|Saturday, June 14, 2003||
ONE can read between the lines in Gitanjali Sharma’s "Are summer camps fun?" (May 17). Rashi, mother of 4-year-old Naiza, is critical of a summer school. She says: such schools lay stress on etiquette, improving the spoken language, pronunciation and vocabulary.
Why go to summer schools merely for learning the English language. One should, instead, listen to a TV news bulletin or read the newspaper. An army of vocabulary is not needed. One must use the words he/she knows with precision and clarity.
Conversion is not a matter of faith alone
L.H. Naqvi’s write-up, "Conversion
is not a matter of faith alone" (May 10) is illustrative of
the author’s secular credentials for which he deserves full marks. In
a similar manner, I would like to suggest to the proponents of Hindutva
to eschew their sectarian assertiveness. The neutrality of the state
towards various religions, as advocated by Jawaharlal Nehru, the first
Prime Minister of India, in the constituent Assembly, is not ‘pseudo
secularism’, as the Hindutva protagonists put it. The inheritance of
Ashoka’s principles implies a tolerance of the multitude of faiths in
our country. The Indian Constitution of 1947, with its emphasis on human
rights, confers on the individual the liberty to profess any faith of
his choice, placing religion in the realm of the individual’s private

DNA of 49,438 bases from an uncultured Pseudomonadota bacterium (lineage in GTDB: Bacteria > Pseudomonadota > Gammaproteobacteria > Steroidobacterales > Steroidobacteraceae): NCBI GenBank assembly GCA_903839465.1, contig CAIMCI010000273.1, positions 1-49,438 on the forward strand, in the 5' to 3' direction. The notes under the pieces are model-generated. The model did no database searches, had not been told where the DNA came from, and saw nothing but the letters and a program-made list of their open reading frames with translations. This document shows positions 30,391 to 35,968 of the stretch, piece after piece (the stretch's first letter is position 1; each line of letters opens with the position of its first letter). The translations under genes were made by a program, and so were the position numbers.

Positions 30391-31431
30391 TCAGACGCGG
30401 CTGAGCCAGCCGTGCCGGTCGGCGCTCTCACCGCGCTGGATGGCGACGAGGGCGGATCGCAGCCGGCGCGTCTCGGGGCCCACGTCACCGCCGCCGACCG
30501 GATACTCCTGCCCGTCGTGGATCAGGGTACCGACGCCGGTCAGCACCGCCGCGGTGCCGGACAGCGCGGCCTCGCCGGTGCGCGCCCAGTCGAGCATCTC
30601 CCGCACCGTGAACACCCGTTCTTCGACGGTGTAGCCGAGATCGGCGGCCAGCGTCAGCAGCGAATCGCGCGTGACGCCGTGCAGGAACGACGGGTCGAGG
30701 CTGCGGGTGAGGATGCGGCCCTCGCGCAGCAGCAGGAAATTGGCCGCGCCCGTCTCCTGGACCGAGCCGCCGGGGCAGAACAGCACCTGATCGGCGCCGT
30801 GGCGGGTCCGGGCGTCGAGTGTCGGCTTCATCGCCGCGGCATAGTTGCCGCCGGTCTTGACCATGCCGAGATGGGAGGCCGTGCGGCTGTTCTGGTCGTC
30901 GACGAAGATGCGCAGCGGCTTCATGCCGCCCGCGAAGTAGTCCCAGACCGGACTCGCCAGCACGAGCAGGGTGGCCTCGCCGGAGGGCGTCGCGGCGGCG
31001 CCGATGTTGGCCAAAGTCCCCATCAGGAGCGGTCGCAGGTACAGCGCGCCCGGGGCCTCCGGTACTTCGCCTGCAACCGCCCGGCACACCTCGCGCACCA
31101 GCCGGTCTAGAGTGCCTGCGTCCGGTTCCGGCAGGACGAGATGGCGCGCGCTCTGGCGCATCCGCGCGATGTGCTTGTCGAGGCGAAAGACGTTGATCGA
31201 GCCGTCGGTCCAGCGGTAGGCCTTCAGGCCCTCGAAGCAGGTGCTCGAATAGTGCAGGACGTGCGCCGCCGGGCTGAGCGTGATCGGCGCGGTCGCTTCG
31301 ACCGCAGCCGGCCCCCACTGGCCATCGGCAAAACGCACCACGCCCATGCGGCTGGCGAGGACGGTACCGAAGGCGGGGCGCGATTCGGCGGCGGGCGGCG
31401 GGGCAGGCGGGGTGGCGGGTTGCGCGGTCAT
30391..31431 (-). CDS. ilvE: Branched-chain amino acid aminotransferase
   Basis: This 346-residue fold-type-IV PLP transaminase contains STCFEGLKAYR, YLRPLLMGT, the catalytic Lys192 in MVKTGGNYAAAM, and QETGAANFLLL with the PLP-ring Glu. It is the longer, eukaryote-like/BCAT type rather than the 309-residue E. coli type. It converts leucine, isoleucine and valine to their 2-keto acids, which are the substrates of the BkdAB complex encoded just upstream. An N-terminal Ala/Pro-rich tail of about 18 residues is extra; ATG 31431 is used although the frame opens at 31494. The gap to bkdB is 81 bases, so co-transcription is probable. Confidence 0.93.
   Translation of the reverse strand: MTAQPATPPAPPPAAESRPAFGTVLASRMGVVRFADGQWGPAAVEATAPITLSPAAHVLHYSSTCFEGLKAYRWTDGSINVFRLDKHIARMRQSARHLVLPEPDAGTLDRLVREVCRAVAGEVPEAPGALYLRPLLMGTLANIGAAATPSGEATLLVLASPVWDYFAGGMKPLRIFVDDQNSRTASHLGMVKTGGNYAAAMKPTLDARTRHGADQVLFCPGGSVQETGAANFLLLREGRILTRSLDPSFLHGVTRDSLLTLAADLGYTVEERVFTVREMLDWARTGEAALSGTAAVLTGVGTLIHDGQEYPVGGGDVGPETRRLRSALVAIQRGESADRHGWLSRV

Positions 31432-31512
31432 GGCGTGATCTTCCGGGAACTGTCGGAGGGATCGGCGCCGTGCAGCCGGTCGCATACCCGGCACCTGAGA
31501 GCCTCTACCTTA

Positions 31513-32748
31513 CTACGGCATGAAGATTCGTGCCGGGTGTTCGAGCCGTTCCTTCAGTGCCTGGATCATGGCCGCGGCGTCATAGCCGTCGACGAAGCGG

life is possible with an Ashokan reverence for all faiths.
The assumption of Hindutva nationalists proclaims the supremacy of the faith of the majority. Asking Muslims, Sikhs and Christians to consider themselves Hindus, because they are mostly converts from Hinduism smacks of an authoritarian arrogance.
If Hindutva theocracy comes to prevail, it will spell doom for the fate of minorities as in Pakistan. There people professing Hinduism have almost ceased to exist, and Christians and even Qadiani Muslims (who believe there might be prophets other than Mohammad) have almost been eliminated.
The choice before our countrymen then, is between the acceptance of our inherited historical humanism and the VHP-propagated majority religion. Accepting the second could mean torture of dissenters, cruel inquisitions and killings in internecine wars, as happened in Europe.
Let us devise our law so that in future frictions from slogan-mongering in the name of temples or mosques or gurdwaras is not allowed. Neither should votes be gathered through propaganda for a theocratic state in place of democracy built on human rights.
K. M. Vashisht, Mansa